A rising stock market lifted U.S. household wealth to a record $106.9 trillion in the April-June quarter, the culmination of a decade of economic recovery but a gain that is concentrated largely among the most affluent.
The value of Americans' stock and mutual fund portfolios rose $800 billion last quarter, while home values increased $600 billion, the Federal Reserve said Thursday. Total household wealth is now 2.1 percent higher than in the first quarter, when it was $104.7 trillion.
The Fed's report came on a day when a wave of buying on Wall Street sent U.S. stocks surging and lifted both the Dow Jones Industrial Average and the Standard & Poor's 500 stock index to all-time highs. The Dow has gained nearly 8 percent this year, the S&P nearly 10 percent.
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Household net worth reflects the value of assets like homes, bank accounts and stocks minus debts like mortgages and credit cards. The data aren't adjusted for inflation or population growth.
They also don't reflect the experiences of most U.S. households. Stock market wealth has been flowing disproportionately — and increasingly — to the most affluent households. The richest one-tenth of Americans own about 84 percent of the value of stocks. That's up from 81 percent just before the Great Recession began in late 2007.
That trend is concerning to some economists, who regard such sizable disparities in wealth as unhealthy for an economy. When lower- and middle-income people don't share much in overall prosperity, many are forced to absorb more debt and take other financial risks.
"I would be happy in a world where we saw big stock increases — if stocks were more broadly distributed across the population," said Josh Bivens, director of research at the liberal Economic Policy Institute. "The fact that is where most of the gains are going is worrisome."
In theory, greater household wealth can speed the economy by making consumers feel richer and more likely to spend. But most consumers are spending less of their wealth than they did before the recession began, economists have found.
Americans are saving nearly 7 percent of their incomes, according to Commerce Department figures. That figure has remained fairly steady for five years even as the stock market has set new highs and average home prices have increased faster than most people's wages. That trend suggests that many people remain cautious about cashing in their wealth, economists say, perhaps because they regard it as less stable than in the past.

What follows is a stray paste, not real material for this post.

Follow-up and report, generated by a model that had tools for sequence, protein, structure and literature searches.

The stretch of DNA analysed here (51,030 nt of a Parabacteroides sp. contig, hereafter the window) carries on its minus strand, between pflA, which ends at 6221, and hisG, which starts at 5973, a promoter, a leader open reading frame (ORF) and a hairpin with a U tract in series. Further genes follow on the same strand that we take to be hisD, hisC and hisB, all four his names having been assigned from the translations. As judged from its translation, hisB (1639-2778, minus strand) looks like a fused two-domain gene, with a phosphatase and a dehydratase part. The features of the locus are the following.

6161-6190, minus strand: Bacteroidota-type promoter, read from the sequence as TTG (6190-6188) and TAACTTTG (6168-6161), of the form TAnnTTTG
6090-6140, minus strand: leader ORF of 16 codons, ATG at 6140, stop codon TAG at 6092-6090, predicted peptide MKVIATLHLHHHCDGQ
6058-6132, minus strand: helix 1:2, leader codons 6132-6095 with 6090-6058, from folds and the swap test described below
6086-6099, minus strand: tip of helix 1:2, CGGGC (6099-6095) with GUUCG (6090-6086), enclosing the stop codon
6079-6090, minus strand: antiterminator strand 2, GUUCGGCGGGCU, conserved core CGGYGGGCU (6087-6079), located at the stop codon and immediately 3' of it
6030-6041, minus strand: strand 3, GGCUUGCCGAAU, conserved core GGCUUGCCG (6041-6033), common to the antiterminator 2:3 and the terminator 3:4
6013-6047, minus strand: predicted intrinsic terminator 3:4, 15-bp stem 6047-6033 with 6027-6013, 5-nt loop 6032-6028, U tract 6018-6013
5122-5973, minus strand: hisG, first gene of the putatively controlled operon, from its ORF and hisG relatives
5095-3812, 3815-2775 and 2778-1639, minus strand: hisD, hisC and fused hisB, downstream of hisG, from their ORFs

The rising concentration of wealth among affluent and educated Americans is another factor why the nation's increased net worth isn't accelerating the pace of consumer spending. Richer households are less likely to spend their wealth gains than middle- or lower-income households are.
America's richest 10 percent of households were nearly 120 times wealthier than the lower middle class in 2016, the most recent year for which figures are provided in a separate Fed report. That is up from 112 times in 2013. (The lower middle class was defined as those whose wealth placed them between the 25th and 50th percentiles of net worth.)
The top 10 percent had an average net worth of $5.34 million; for the lower middle class, the figure was $44,700.
In 2008, the year the financial crisis erupted, U.S. household net worth was $58.9 trillion. Nearly a decade later, it has almost doubled.
Sharp disparities in wealth also cut across racial lines. The median white household has a net worth of $171,000, according to Fed data. That's about 10 times the typical net worth for a black household of $17,200. For Latinos, it was $20,700. (The median is the point at which half the population has more and half has less.)
The Fed revised its previous quarterly data to show that household wealth was higher earlier this year than previously reported. Household wealth in the first quarter is now about $4 billion higher than was original reported, mostly because of higher pension reserves than previously estimated.